He was preoccupied with tight end Zach Ertz, who had gotten behind cornerback Ross, leaving Hayden to battle with Cooper on the outside. It did not turn out well for the rookie.
Cooper performed a sneaky push-off on Hayden, which knocked him off balance enough to get the receiver behind him. Another great throw from Foles put the ball exactly where only Cooper could make the play.
As good as the Foles-to-Cooper connection has been, sometimes it's better to be lucky than to be good. That has been the case for a couple of Foles' recent touchdowns, such as when Hayden fell down on that 63-yarder earlier, or this 45-yard score against Green Bay.
This was basically a two-man route if you discount running back Bryce Brown's route to the flat. Jackson ran a deep-in while Cooper ran a post route.
The Packers were in man coverage with a single high safety in M.D. Jennings. Like the play-action play illustrated from the Raiders game, Jennings was sucked forward when Foles play-faked, leaving cornerback Davon House alone to get beat like a drum.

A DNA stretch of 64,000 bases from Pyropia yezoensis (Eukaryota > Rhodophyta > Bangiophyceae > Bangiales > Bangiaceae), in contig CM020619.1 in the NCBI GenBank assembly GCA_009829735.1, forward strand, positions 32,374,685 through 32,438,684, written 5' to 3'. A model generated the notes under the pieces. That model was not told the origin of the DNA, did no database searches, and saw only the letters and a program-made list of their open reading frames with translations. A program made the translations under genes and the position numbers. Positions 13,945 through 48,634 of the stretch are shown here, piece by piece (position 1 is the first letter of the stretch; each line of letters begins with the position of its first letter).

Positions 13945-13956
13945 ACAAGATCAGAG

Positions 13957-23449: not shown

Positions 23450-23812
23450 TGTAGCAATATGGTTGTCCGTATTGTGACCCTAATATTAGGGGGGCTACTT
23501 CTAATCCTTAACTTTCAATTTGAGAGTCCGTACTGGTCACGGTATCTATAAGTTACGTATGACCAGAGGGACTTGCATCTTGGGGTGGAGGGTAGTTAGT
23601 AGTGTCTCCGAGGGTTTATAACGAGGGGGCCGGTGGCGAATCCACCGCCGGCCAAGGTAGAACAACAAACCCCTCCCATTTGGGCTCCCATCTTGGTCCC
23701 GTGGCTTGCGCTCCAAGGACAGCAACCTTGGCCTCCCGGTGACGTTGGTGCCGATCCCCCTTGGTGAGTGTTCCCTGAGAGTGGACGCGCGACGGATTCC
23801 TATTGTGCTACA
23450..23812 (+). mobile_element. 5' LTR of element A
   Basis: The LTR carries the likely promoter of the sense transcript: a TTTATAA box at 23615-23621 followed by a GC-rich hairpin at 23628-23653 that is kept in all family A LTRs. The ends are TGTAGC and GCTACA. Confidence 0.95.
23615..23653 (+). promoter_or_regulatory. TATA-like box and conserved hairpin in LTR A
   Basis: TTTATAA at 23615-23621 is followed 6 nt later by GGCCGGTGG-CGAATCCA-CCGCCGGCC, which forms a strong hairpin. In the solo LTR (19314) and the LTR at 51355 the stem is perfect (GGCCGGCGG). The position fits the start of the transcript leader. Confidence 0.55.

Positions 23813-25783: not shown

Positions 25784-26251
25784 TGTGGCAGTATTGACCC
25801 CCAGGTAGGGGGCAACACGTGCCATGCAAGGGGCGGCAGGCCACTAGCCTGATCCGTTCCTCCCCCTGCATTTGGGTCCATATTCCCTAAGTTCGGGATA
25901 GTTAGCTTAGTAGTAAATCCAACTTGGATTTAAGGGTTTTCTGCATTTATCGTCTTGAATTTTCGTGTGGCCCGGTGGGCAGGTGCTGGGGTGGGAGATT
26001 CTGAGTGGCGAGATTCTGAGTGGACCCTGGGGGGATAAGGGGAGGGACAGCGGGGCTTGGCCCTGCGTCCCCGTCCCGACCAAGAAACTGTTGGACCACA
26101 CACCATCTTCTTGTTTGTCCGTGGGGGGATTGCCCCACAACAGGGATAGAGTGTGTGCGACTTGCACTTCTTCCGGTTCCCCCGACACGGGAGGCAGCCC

Cooper blew by him, but that's not why he scored a touchdown.
Cooper had House beat badly, but Foles threw this up for grabs. Fortunately for Cooper, Jennings never looked back as he sprinted in his attempt to recover. The Eagles receiver corrected his course while the defensive backs were simply scrambling to catch up, and that was all she wrote.
It's no secret that Cooper suddenly began to thrive when Foles took over for an injured Michael Vick. The difference is quite stark, however.
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Not only is Cooper being targeted more often with Foles than when Vick was the starting quarterback, but the quality of those targets has improved dramatically.